A Tradition of Murals in the San Simon Valley

At Art & Other Adventures with Narca, the website and blog for one of the longtime local artists Narca Moore-Craig, there is a description, an idea, a coalescence of thought used to describe the tradition of the artistic community practicing in the area.  The term is the "Bootheel School" which is centered around the Chiricahua Gallery in Rodeo New Mexico.  This idea has a historical and ongoing context which deserves some elaboration.

The San Simon Valley is big place flanked by mountain ranges lying in both Arizona and New Mexico.  The views for those in the valley are large and expansive and this "big picture" view is reflected in some of the artwork found around the valley, specifically murals.   Three individual artists have created murals over a span of 60+ years and the tradition continues today.

In the late 1940's the first mural in Rodeo was painted in the Rodeo Tavern.  Created by Charles Malcolm Campbell, it was reportedly painted to resolve an outstanding a bar tab at the Tavern.  Although the stories are second and third hand  the work is signed and the stylistic depiction of some of the horses and faces are characteristic of other work by Campbell.  Little is available online about Campbell and why he spent time in Rodeo is unknown.  Perhaps it was during his transition from New Orleans to Phoenix during the pre-interstate days when the southern route west was along Highway 80, known as the Dixie Overland Highway and the Broadway of America, that he came to Rodeo and stayed for awhile.  Whatever the reason the results of his time spent here are being preserved and are visible in the dining room of the Rodeo Tavern and a portion of the mural is used as a logo for Rodeo.

Segment of the mural in the north east corner of the dining room with artist signature.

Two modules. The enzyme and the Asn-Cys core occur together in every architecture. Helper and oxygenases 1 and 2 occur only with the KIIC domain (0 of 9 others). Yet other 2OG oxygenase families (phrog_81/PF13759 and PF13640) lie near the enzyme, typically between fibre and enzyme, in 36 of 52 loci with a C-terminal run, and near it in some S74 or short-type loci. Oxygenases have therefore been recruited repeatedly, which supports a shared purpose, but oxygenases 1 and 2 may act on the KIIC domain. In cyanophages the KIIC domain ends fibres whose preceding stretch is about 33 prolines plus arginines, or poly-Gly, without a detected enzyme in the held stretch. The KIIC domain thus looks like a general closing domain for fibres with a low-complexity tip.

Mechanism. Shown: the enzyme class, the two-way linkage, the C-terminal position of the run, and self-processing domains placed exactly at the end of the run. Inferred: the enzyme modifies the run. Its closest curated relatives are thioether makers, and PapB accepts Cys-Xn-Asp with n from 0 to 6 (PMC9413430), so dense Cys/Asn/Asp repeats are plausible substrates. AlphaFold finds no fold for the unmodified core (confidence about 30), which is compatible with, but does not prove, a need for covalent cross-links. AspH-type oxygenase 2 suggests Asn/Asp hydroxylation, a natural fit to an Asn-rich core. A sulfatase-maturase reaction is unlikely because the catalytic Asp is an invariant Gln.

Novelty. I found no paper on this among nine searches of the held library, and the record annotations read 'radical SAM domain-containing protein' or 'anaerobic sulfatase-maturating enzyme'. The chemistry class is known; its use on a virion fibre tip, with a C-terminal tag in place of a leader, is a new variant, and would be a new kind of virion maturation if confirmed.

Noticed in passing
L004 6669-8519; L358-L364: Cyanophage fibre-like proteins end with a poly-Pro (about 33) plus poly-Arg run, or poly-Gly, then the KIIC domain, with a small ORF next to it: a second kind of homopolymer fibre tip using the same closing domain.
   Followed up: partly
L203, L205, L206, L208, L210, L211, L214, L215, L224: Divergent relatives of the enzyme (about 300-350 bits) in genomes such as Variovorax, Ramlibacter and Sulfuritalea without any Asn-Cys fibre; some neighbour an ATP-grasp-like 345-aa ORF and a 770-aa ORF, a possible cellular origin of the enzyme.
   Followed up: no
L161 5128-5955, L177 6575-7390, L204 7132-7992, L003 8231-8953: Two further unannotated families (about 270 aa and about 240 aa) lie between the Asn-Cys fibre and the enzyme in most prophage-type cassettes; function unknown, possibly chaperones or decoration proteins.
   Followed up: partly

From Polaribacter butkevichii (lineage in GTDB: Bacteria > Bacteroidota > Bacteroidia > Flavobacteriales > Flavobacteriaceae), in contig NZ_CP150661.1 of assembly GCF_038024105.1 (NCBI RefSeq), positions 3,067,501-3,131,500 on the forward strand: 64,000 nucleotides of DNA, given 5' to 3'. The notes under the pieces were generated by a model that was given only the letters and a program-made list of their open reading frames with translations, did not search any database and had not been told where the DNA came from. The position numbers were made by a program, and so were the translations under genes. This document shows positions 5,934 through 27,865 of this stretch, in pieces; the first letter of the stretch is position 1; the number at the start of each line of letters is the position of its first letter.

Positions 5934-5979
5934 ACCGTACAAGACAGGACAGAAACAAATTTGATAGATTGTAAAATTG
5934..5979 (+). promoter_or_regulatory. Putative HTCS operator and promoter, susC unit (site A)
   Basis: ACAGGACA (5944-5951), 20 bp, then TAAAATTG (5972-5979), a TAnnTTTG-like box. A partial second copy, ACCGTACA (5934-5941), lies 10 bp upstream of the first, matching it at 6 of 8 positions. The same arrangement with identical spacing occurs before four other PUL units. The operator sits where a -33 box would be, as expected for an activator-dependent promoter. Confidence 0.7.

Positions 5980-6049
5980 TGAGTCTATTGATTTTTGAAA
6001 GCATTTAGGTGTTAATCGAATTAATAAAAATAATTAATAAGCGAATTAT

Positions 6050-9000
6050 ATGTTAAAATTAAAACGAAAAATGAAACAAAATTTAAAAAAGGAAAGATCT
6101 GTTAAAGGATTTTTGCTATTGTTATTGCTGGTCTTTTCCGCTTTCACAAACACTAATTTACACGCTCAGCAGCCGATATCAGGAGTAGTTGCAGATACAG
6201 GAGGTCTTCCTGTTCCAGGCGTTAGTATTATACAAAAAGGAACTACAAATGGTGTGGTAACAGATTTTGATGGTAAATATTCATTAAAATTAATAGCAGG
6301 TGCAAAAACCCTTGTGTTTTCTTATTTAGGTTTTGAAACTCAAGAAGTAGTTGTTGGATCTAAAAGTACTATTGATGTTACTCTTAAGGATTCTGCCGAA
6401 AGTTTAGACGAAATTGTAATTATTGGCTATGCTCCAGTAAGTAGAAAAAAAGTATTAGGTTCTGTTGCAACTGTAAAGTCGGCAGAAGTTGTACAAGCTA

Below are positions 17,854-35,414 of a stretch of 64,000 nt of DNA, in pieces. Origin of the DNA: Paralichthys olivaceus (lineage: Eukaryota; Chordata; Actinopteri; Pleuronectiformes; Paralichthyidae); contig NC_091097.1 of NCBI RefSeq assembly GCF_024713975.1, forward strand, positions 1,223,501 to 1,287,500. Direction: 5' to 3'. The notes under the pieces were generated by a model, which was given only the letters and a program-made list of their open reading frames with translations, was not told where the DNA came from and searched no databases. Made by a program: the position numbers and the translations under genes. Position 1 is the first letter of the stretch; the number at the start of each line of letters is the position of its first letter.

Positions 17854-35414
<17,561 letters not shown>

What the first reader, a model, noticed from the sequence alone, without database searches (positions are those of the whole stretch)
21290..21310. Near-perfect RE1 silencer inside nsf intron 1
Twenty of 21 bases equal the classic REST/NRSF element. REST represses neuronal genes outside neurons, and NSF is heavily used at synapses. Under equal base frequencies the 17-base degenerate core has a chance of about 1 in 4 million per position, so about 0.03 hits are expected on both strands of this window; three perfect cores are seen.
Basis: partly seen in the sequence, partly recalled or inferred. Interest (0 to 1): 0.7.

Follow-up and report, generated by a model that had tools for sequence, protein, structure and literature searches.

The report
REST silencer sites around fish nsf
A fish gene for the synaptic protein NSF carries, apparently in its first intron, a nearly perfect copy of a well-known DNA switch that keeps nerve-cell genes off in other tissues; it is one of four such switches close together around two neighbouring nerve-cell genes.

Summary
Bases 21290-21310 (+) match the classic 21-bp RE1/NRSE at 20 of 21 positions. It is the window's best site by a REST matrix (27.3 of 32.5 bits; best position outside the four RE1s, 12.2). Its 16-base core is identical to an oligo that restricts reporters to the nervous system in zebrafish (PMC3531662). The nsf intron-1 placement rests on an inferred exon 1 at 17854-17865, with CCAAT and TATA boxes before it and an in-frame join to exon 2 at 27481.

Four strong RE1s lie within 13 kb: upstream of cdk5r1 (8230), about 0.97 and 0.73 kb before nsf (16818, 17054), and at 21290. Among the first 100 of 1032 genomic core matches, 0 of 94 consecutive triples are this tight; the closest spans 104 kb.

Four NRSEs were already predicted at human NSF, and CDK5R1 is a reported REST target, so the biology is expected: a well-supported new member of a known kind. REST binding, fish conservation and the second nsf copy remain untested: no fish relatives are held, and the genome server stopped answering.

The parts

Segment of the mural in the south west corner of the dining room

The next artist, Bob Waldmire, divided his time between his home in Illinois and his home outside Portal Arizona.  Known primarily for his work documenting Route 66, he also created sketches and paintings about Highway 80.  One of his last murals covers one wall of the Rodeo Grocery and Cafe in Rodeo.  It is a depiction of the transcontinental route along Highway 80 and has an inset highlighting Rodeo.  Waldmires' work is still available online

Bob Waldmire's mural in the Rodeo Grocery and Cafe

Inset on the mural depicting Rodeo.

Another artist residing outside Portal, Terry Miller, carries on the tradition of mural work creating individual pieces for home owners.  Her work is found in Rodeo, Portal, and to the west in Bisbee.  Her wall sized murals (shown below is an example from the Painted Pony Resort) capture various western themes are are imbued with life like activity.

Dancing Kachina wall mural


  1. Very nice blog of murals in the Rodeo area by several different artists.

  2. Thank you. I forgot to mention that you also use a segment of the Campbell mural for the logo at Mountain Valley Lodge.

  3. Nancy Cloudt, owner of Rodeo Grocery has two regrets: one that Bob didn't finish his mural before he died, but her main regret was that Bob didn't sign it.
    My husband and I knew Bob and he was quite a character!

  4. I suspect it was unsigned since it was unfinished. But it's uniqueness is only increased by being Bob's last unfinished mural. Stylistically, it is clearly the work of Bob Waldmire.